Coach Dunga is confident he has assembled a mature and skilful Brazilian squad ready for their first big challenge at the 2010 FIFA World Cup™ against the Netherlands.
Brazil cruised into the quarter-finals with a 3-0 win over Chile at Soccer City on Monday and now face the Dutch in Port Elizabeth on Friday. The Netherlands, two-time beaten finalists in 1974 and 1978, stretched their longest-ever unbeaten streak to 23 games with a 2-1 Round-of-16 victory over Slovakia in Durban on Monday.
The Brazilians, aiming for a record sixth world title, have beaten the Dutch twice in their two previous FIFA World Cup encounters. The Oranje fell 4-2 on penalties after drawing their 1998 semi-final 1-1 in France and lost 3-2 in the quarter-finals of the 1994 FIFA World Cup in the United States where Dunga went on to lift the trophy as captain.
There are huge expectations weighing on Brazil to win the world crown at Soccer City on 11 July, but Dunga is confident his team, unbeaten in four matches here, is coming along nicely ahead of the business end of the tournament. "Given the quality of the team, there is always the expectation, but you don't win the World Cup by being favourites alone," he said. "As we go along, the confidence is growing and we are hoping to reach the final."
The Dutch, traditionally technically efficient, have been likened to a South American team by Dunga. "We have already said we are trying to play the open football which everyone wants to see. The players did well and we got forward a lot against Chile," he said.
We know the Netherlands are a very difficult team to beat and they are very able technically, they play their football like South Americans.
"We know the Netherlands are a very difficult team to beat and they are very able technically, they play their football like South Americans. Even though Brazil has beaten the Dutch twice before, every World Cup provides its own experience. Holland have a good tradition at the World Cup, we have to be very careful with the Dutch players, they are very technically able and we have to be able to deal with that."
But Dunga, who has been under intense pressure and unrelenting scrutiny as coach from a sceptical media and public over his pragmatic tactics, is confident the system he has in place will bring results. "The quality of our players allows me to be calm with what has been built up over the last three years, all I have to do is communicate with them in the game," he said. "The Brazilian team are a mature outfit and they carry out exactly what I say.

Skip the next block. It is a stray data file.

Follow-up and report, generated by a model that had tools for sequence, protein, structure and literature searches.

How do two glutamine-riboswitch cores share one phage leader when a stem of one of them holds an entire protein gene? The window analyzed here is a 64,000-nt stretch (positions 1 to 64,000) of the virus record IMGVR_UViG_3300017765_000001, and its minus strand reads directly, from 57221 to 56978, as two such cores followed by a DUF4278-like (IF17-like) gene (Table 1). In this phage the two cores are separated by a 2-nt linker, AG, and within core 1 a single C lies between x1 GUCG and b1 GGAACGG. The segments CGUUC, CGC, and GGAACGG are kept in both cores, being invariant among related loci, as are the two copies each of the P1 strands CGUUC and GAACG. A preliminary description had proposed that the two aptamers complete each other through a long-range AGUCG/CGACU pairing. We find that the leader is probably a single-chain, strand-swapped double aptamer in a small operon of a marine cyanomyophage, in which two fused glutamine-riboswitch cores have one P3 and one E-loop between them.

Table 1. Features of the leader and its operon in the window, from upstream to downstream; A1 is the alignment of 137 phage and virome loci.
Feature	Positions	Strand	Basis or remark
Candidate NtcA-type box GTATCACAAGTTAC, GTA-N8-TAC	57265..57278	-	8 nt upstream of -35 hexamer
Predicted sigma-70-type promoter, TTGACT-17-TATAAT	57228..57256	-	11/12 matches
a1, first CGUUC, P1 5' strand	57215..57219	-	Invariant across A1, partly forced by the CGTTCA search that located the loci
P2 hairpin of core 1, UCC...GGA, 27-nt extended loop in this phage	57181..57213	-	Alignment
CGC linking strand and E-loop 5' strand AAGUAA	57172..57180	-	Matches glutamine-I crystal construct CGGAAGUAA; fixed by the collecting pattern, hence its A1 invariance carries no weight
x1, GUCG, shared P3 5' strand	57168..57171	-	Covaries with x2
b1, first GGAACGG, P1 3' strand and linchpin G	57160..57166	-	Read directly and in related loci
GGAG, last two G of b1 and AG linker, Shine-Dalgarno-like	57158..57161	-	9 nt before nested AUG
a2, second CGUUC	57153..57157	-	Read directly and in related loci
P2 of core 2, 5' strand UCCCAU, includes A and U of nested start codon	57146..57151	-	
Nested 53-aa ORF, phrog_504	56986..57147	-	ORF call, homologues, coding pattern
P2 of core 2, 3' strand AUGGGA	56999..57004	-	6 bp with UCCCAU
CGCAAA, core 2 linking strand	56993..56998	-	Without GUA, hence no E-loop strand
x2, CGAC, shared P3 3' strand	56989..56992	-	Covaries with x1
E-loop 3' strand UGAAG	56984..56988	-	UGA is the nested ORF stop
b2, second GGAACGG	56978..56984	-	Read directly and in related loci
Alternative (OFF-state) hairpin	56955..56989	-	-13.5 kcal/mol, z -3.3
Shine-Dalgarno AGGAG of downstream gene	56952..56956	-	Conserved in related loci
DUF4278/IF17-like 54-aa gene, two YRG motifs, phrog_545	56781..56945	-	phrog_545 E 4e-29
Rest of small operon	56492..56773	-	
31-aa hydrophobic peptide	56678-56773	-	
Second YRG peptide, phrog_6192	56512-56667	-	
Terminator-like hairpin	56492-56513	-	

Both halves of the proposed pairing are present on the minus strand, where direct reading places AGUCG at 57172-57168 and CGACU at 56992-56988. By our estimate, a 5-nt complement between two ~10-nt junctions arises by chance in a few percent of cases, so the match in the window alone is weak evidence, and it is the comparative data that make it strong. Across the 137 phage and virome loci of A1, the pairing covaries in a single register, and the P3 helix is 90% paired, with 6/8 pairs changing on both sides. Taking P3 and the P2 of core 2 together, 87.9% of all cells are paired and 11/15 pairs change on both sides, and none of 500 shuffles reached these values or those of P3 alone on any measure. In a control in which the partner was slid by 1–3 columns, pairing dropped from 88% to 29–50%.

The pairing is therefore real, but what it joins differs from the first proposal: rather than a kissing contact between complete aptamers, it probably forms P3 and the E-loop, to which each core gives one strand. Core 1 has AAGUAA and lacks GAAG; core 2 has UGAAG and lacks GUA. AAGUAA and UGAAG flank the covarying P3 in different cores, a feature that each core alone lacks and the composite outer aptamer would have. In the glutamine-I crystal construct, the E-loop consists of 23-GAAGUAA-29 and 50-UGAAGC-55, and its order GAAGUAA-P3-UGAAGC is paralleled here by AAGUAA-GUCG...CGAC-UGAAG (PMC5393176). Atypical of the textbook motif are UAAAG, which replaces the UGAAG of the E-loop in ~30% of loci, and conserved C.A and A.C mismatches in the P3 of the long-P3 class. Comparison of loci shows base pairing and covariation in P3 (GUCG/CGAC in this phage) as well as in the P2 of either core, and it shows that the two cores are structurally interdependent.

"We have a group of players who have a great range of skills and we allow them to perform at their peak. I have said the players have the liberty to play, I try to give them advice to guide them so when we know the midfield is closed we attack down the flanks. We are fortunate to have players who can interchange quickly. When the Chileans packed the midfield, Kaka moved more down the flanks as did Robinho."
Robinho, Budweiser Man of the Match with his first goal of the tournament and a key part in the lead up to striker Luis Fabiano's effort, believes A Selecao are on the right track. "Now we've got another decisive match ahead. There's always room for improvement, but I think we're on the right track and we're achieving our objectives," he said.
Luis Fabiano, who scored his third goal of the tournament, was delighted with Brazil's performance against Chile. "I think that A Selecao made a real breakthrough. We created several moves and were able to launch our counter-attacks," he said. "We've come through another difficult game and we're getting there, step by step. We've picked up a very important victory, which is going to really boost our confidence."